Urban Dictionary

I teach teenagers literacy classes like mountaineers climb ridiculous chunks of punishing rock. Sometimes I think I do it because, like rocks – they are there. Maybe I enjoy being pushed to the limits of tolerance. Teenagers have no hidden agendas – they would never be able to fit one in around their all encompassing self interest. They are incredibly honest. An honesty often prefaced with a 'no offence but…' and then something fairly offensive is flung about in the form of an opinion that can be knee cappingly direct. Disarming I think the word is. They leave you without weapons or limbs, yet laughing. I had thought that modern adolescents suffered from such a paucity of vocabulary as to render them almost on a scale of high functioning autism – especially the boys.

Once, I even had to ring an immigration official who was refusing to give residency to a long established family on the grounds that their teenage son could not speak any English. I told him the boy had been born here and was in fact as Kiwi as any other teenage boy his age - which meant he existed in a sub-lingual state. Effectively he could navigate his environment with a cleverly negotiated set of codes including sophisticated hand shakes and slaps and the ever expressive raised eyebrows as a form of salute to other teenage boys. It was all he needed. The official insisted that he had asked him how his weekend had been and the boy had just grunted. Which seemed age and culturally appropriate to me.

Teenage boys don't explain lame stuff that is already OVER. What I didn't know is that teenagers, far from suffering from a lack of words to express themselves, are in fact landlords of a wide lexical domain – a kingdom that it appears I am exiled from. Like the high pitched ring tones I can no longer hear and with which they torture me to prove how out of touch I am, the words they use are not in my command. Here is an example: 'That is so scuxx, why is she giving you the cold finger – are you just getting lonerised?' When I asked for clarification I was referred to the online Urban Dictionary but not until they'd given me a fake definition for scuxx and then made me repeat it several times in a variety of sentences.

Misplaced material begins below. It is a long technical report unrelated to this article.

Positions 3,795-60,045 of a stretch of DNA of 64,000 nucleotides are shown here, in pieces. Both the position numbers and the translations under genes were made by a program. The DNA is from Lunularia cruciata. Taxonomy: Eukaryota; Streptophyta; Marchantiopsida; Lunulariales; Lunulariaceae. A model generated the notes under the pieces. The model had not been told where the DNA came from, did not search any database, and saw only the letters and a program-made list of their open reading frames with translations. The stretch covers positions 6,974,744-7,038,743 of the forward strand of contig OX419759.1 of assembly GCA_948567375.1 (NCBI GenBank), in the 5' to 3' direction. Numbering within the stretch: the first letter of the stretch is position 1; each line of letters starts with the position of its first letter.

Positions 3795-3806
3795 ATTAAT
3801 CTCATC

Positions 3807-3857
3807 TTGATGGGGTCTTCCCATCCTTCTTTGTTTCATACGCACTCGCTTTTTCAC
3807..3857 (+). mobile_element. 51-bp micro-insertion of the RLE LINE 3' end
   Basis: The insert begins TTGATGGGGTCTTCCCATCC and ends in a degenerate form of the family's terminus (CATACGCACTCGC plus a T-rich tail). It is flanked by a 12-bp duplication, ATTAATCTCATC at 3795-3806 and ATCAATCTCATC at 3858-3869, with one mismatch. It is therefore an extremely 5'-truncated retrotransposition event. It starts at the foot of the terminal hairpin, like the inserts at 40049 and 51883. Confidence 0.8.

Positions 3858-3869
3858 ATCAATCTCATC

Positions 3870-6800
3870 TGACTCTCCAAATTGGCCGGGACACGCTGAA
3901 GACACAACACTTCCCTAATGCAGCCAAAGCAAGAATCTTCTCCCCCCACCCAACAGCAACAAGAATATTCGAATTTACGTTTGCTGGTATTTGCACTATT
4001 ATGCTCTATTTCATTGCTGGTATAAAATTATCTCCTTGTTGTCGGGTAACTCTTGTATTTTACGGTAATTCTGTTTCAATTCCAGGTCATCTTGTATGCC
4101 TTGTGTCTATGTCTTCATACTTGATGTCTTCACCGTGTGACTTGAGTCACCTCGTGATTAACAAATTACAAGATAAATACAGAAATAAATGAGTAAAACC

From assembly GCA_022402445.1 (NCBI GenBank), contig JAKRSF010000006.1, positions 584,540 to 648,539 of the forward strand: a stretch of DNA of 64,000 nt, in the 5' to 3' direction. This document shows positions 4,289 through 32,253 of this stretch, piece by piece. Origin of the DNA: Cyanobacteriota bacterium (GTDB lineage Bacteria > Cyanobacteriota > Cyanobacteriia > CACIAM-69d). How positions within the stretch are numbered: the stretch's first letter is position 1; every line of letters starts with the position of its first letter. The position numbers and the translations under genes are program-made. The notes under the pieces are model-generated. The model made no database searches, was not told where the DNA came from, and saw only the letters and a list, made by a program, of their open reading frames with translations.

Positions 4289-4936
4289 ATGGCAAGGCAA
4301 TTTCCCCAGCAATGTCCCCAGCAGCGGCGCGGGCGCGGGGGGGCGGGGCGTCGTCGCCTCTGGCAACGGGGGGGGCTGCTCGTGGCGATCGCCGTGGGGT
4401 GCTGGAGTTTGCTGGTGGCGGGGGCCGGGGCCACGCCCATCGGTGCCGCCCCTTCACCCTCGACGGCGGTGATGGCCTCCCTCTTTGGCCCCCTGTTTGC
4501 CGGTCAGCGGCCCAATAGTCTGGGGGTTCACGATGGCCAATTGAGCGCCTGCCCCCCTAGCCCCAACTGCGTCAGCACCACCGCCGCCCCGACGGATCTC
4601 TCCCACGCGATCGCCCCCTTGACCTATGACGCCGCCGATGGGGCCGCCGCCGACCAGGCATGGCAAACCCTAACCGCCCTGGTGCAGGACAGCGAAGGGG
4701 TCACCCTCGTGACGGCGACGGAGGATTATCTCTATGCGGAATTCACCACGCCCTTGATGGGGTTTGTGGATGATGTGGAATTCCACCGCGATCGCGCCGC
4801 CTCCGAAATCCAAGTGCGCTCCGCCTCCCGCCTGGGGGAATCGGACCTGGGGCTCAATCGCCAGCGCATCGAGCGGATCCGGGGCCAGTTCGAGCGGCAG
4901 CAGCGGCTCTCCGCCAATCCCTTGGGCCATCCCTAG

Back at home, humiliation and a grudging respect for their ability to keep a poker face throughout their shameless wind up battled for supremacy. The cold finger is the text generation's equivalent of the cold shoulder and the act of marginalisation and indifference designed to make someone a school yard loner is, 'to lonerise.'

The urban dictionary is to older generations what binoculars must have been to 19 century bird watchers. Radical insights into foreign worlds.

I learnt that I never had a job at the Northland Polytech – what I had was a career trajectory, a career path marked by increasing amounts of tragedy, lameness, futility, ineptitude, respect, and/or pay. Excellent. I discovered the purely adult pastime of 'pretendships' you know, like what the Maori and National parties had. I realised that I would probably become a scud parent – the kind of maternal nightmare that shows up at clandestine teenage drinking parties, goes off like a scud missile and then embarrassingly drags the offspring back to the car and home to bed. The kids' definitions of 'Whangarei' were particularly enlightening. 'Small town north of Auckland – it has a good skate park and not much else.' 'Bed gravity' pulls me into its evil vortex every morning for an extra 10 minutes sleep and prententiatarians are those annoying people whose diet involves a liberal dose of extreme liberal judgementalism. Like my ex-flatmate who once spent the weekend on E and other chemical cruise ships and then had the gall to ask me if the carrots I was chopping up for dinner were organic. Yeah. Because E is so organic. Finally – I can put a word to it. All thanks to those 'inarticulate' teenagers.

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